The new democratic majority in the House of Representatives is pressing for action on a “Green New Deal” (GND) that would significantly cut carbon emissions and support clean technologies. At least in its initial iteration, its centerpiece is reaching 100 percent carbon-free electric generation in 12 years – but only using wind, solar and other renewable sources.
This GND idea is a significant opportunity to tackle multiple aspects of the climate challenge, but it can’t be effective and attract the scale of political and public support that it needs if it is unrealistic.
Nuclear power doesn’t make the GND list, even though it provides 56 percent of the emission-free electricity in the U.S., roughly triple the amount generated by hydropower and wind, and almost 19 times the amount produced by solar power.
New York Times columnist Tom Friedman, who first suggested a GND a decade ago, this week offered his vision for a zero-carbon electric grid powered by solar panels, windmills and batteries.
But, as the world moves toward a clean energy future, no one technology will be adequate to respond to the growing electricity demand in developing nations and the global need to decarbonize the transportation, manufacturing and agriculture sectors, which together account for almost 60 percent of the world’s greenhouse gas emissions. California is starting to come to this realization. A report this week noted that the state’s ambitious zero-carbon goal will be difficult to reach, and it raised questions about the costs and risks of an all-renewables approach.
The top global emitter of carbon, and the world’s leading manufacturer of solar panels, China, is not making the bet that renewables alone can cut greenhouse gases. Instead, they are deploying significant new nuclear power at home and scaling their nuclear industry and fusing it with their geopolitical strategy to become the dominant source of global reactor supply in this century. The U.S. is facing significant geopolitical competition from China on multiple fronts including this one. A prudent GND would recognize that the U.S. has to remain a robust domestic nuclear energy producer and exporter if it is to repel a race to the bottom on global nuclear non-proliferation, safety and security standards.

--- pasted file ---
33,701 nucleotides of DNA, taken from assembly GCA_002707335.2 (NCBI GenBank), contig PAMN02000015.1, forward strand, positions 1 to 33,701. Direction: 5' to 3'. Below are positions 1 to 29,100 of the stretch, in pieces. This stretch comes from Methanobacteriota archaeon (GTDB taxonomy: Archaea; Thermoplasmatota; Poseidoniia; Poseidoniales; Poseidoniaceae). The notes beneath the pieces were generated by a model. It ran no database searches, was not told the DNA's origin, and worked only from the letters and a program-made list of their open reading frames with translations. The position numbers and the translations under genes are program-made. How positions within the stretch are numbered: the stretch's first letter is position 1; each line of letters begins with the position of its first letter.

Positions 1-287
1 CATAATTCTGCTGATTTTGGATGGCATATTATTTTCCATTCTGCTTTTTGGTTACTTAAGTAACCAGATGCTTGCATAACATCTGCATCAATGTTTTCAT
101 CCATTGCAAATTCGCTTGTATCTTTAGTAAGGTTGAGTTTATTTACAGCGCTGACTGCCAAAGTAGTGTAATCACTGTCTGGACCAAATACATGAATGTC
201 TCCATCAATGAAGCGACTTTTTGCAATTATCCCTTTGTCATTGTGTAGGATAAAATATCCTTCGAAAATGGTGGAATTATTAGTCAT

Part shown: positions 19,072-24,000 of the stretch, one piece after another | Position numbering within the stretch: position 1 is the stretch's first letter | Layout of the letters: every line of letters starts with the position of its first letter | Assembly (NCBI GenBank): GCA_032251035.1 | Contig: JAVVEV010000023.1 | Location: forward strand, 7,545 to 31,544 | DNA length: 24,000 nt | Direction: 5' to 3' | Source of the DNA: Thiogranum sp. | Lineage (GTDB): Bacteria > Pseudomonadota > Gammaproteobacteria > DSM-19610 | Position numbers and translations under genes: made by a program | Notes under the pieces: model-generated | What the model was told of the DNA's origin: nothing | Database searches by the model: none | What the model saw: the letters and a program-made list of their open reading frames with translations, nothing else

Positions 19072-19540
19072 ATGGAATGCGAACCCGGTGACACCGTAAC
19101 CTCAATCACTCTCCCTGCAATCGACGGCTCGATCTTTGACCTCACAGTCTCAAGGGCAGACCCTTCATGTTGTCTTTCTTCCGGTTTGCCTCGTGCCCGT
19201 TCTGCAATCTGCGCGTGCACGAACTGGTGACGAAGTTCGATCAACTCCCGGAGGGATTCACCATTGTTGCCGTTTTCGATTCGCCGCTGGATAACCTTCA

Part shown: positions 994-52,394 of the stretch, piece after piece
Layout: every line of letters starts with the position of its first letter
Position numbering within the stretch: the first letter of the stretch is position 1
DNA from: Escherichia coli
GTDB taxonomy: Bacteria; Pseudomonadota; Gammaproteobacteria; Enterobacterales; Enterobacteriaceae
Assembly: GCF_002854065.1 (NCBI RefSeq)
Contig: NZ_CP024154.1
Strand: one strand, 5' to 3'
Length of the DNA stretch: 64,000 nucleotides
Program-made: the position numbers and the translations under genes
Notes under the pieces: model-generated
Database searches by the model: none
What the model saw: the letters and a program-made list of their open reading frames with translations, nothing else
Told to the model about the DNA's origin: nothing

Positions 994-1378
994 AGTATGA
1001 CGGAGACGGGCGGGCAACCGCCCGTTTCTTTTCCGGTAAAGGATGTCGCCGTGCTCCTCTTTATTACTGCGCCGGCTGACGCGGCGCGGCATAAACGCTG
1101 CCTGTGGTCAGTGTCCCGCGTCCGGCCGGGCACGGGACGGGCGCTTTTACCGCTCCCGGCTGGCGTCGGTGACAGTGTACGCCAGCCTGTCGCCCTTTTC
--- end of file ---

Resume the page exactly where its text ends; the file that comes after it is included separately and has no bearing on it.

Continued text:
Our view, as set out in our recent Four Pillars policy paper, is that any response to the climate change challenge must be comprehensive and include all clean energy and carbon remediation technologies –including non-carbon-emitting, safe and secure nuclear power. A single path approach will not adequately address the problem.
The United States has been a leader in responding to every significant global challenge for decades. It can and must rise to meet the serious challenges posed by climate change. A key element of that response must be a recognition that current and future nuclear energy sources and technologies have a vital role to play in supporting decarbonization. Nuclear power also has additional significant and important roles in strengthening U.S. geopolitical competitiveness, sustaining America’s leadership on technological innovation, and improving global security and governance. These are significant and vital functions at the core of American strength and values. They should be reflected at the core of any GND.
Kenneth Luongo, President, Partnership for Global Security